| Hester has the tools but must be more precise in his routes.|
|John Pyle/Icon SMI|
7 at Indianapolis
14 at Carolina
21 TAMPA BAY
5 at Detroit
12 at Atlanta
16 at Green Bay
23 at St. Louis
30 at Minnesota
11 NEW ORLEANS(T)
22 GREEN BAY (M)
28 at Houston
|Mike Brown, Free Safety: A healthy Brown could be the difference between a mediocre defense and one that can carry a lackluster offense. Brown has missed 43 of the Bears' last 64 games, during which they went 20-23 when he was out and 16-5 when he played. Brown is slated to start in '08, but he's not taking his good health for granted. "I go day by day," he says.|
They may espouse a run-first philosophy, but when Sunday comes, it will fall to the wideouts to provide the spark.
The Bears' reliance on their ground game is as certain as death and taxes andanother Batman sequel. "We still get off the bus running," Lovie Smith has saidevery year since becoming coach in 2004. Yet after last year's measly 83.1rushing yards per game (second lowest in team history), and with this season'sbackfield-by-committee that includes career reserve Adrian Peterson,injury-prone free agent Kevin Jones and untested second-round draft pick MattForte (Tulane), what Chicago needs most is serious production from receivers whocan stretch the defense.
With the loss of receiving-yardage leaders Bernard Berrian and MuhsinMuhammad to free agency, the Bears are rebooting at wideout. Start with DevinHester. Last year, his second in the NFL, the electric return man was graduallyworked into the lineup; he peaked with 11 catches and a touchdown over thelast four games, primarily out of three- and four-wideout sets in which he coulddraw favorable matchups. At season's end Smith all but declared Hester hisNo. 1 receiver for 2008.
Is Hester ready? Well, his route running is still imprecise. And he has takenonly a handful of full-on hits in his pro career, so there's the question ofwhether his 5' 11", 189-pound frame can handle the physical toll of beingan every-down receiver in addition to returning kickoffs and punts. Smithdoesn't seem worried. "Working on his body in the off-season was key becausehe's going to have a lot more duties," he says. "We expect he can handleit."
Chicago also hopes that Hester's natural skills offset his mechanical issues,as they did on two instances in a one-on-one drill at training camp. On bothplays Hester lost his footing on hook routes -- and both times his concentrationand great hands allowed him to snag the throw high over his head while on hisknees. Says quarterback Kyle Orton, who was named the starter over Rex Grossmanin mid-August, "Once [Devin] gets the kinks out, the things he does on the fieldwill erase any questions people have about him as a receiver."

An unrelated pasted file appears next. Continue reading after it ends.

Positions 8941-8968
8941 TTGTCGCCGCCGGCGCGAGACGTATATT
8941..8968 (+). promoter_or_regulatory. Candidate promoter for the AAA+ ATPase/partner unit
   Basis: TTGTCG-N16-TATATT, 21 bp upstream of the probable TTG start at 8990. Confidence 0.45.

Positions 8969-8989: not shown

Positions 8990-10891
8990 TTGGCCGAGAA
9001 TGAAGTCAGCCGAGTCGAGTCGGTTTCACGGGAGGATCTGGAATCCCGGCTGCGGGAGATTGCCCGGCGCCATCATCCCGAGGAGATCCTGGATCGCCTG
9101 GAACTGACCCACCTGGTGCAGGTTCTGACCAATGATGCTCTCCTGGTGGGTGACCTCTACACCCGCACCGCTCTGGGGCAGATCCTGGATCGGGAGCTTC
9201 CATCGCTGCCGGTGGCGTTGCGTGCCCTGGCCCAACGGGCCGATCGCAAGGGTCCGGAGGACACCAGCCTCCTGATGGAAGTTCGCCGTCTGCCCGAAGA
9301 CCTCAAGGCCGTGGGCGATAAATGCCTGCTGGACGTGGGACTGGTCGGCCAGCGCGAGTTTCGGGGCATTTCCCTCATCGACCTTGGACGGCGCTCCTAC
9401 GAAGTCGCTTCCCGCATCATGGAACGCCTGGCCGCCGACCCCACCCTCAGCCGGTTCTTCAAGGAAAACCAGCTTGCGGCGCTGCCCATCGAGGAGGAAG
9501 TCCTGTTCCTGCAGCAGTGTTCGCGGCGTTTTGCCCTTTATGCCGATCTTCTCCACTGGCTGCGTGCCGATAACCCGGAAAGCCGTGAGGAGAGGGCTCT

Until then the Bears will lean on two veterans plucked off the NFL scrapheap, Marty Booker (late of the Dolphins) and Brandon Lloyd (Redskins). Booker,who played in Chicago from 1999 through 2003, is the best bet to fill Muhammad'spossession-receiver role, given his similar skill set (crisply run routes, greathands) and experience. The 32-year-old has seven seasons of 47 or morereceptions and had a Bears-record 100 catches in '01. He's also unlikely to bejarred by the club's iffy quarterback situation. "I've had 16 differentquarterbacks in my career," says Booker. "Who's throwing has never been anissue."
On the other side, Lloyd is being counted on to pick up most of Berrian's71 catches and 951 yards of last year, which seems a stretch until youconsider his background. Lloyd was a star under coach Ron Turner at Illinois,finishing No. 2 on the school's alltime list for receiving yards, andfollowed with three promising years with the 49ers, who ran an offense similarto Turner's. After a trade to the Redskins in 2006, though, Lloyd fell out offavor and his production declined. Now reunited with Turner, the Bears'offensive coordinator and a friend of 10 years, Lloyd envisions a careerrevival. "Having that familiar face around is huge," he says. "Same offense;similar terminologies. There's a lot of promise."
Fighting for playing time are fourth-year men Rashied Davis and Mark Bradley,plus third-round pick Earl Bennett (Vanderbilt), the SEC's alltime leadingreceiver. The running backs and tight ends are better-than-average pass catchersas well. "That's a lot of guys to get the ball to," says Davis. "You really haveto hope the competition raises all of our games."
If so -- and keep in mind that by Week 3 the Bears will have faced two ofthe league's top pass defenses, Indianapolis and Tampa Bay -- Lovie Smith mighthave to finally change his tune. Catch as catch can,perhaps? -- Adam Duerson